The Environment Agency has issued 140 flood alerts across England and Wales with 3,000 properties expected to suffer from flooding in the next 24 hours.
And thousands of train passengers in the north of England and Scotland were affected by reduced or cancelled services and the imposition of speed restrictions, after high winds and blizzards were forecast.
EA spokesman Peter Fox said: "The most important thing is that along the east coast (of England) the high tide will be hitting in the hours of darkness this evening and tonight, so people really need to take the daylight hours today to prepare for the coastal and tidal flooding that we are predicting."
Fox said evacuation in "key areas" was being discussed with the police.
Gusts of more than 90mph have been recorded in Scotland, according to MeteoGroup, the weather division of the Press Association.
A gust of 92mph was recorded at Loch Glascarnoch in the Highlands, of 89mph at South Uist in the Outer Hebrides and of 72mph at Malin Head in Northern Ireland.
The gale-force winds threaten to whip up the most serious tidal surge for 30 years.
In some places, sea levels could be as high as those during the the devastating floods of 1953, the EA said, although flood defences since then, including the Thames, Deptford and Hull barriers, should provide better protection than 60 years ago.
There was also disruption this morning on a number of rail routes, including East Coast trains.
Areas most at risk of flooding include the North Sea coast from Northumberland down to the Thames Estuary and Kent.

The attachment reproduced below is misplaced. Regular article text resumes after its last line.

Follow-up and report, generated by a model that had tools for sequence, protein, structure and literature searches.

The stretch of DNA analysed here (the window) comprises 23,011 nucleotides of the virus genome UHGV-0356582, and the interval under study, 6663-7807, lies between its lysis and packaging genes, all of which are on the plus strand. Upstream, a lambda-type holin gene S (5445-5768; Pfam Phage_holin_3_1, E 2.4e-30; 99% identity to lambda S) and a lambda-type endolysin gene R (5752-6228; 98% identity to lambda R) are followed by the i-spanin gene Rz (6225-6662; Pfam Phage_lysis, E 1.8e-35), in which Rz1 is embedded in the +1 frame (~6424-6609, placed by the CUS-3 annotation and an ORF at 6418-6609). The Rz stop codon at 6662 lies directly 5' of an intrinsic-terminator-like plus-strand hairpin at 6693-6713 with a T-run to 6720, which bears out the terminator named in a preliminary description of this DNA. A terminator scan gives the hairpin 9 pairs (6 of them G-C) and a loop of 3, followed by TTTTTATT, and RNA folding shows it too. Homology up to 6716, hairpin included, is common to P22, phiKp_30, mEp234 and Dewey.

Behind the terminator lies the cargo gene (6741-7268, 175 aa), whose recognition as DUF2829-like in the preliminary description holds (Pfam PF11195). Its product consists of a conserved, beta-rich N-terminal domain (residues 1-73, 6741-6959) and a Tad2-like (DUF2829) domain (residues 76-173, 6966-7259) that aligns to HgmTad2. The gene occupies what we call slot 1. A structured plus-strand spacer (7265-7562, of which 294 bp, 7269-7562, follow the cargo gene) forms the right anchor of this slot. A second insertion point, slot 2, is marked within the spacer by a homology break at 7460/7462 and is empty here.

The EA has issued a severe flood warning - the highest category, warning of danger to life - to homes and businesses near The Quay in Sandwich, Kent, for high tides between 12.45am and 1pm tomorrow.
The tidal reaches of the River Trent, Nottinghamshire, could also be affected today.
On the west coast, severe gales and large waves combined with high water levels are also expected from Cumbria down to Cheshire.
The Thames Barrier was closed last night to protect London, and other defences have been activated at Colne in Essex and in Hull.
The Met Office has issued a wide range of weather warnings, with winds expected to gust to more than 80mph as they swing north-westerly in mid-morning, with gusts of more than 90mph in exposed parts.
Much of Scotland faces "be prepared" warnings for wind and lesser "be alert" warnings for snow, while north west and north east England, Yorkshire and Humber, the Midlands, and the east of England are under "be prepared" warnings.
Thousands of train passengers in the north of England and Scotland were affected by reduced or cancelled services and the imposition of speed restrictions.
Train companies were operating amended timetables, with the changes likely to last until the afternoon.
Among many services affected was Leeds-Doncaster where operations were disrupted by debris on overhead wires near Leeds.
No ScotRail services were able to run before 7am and many other routes were not operating at all. Some services in Scotland were not expected to start until 4pm.
Only South Wales the South West and southern parts of England will escape the high winds, which will ease during the afternoon.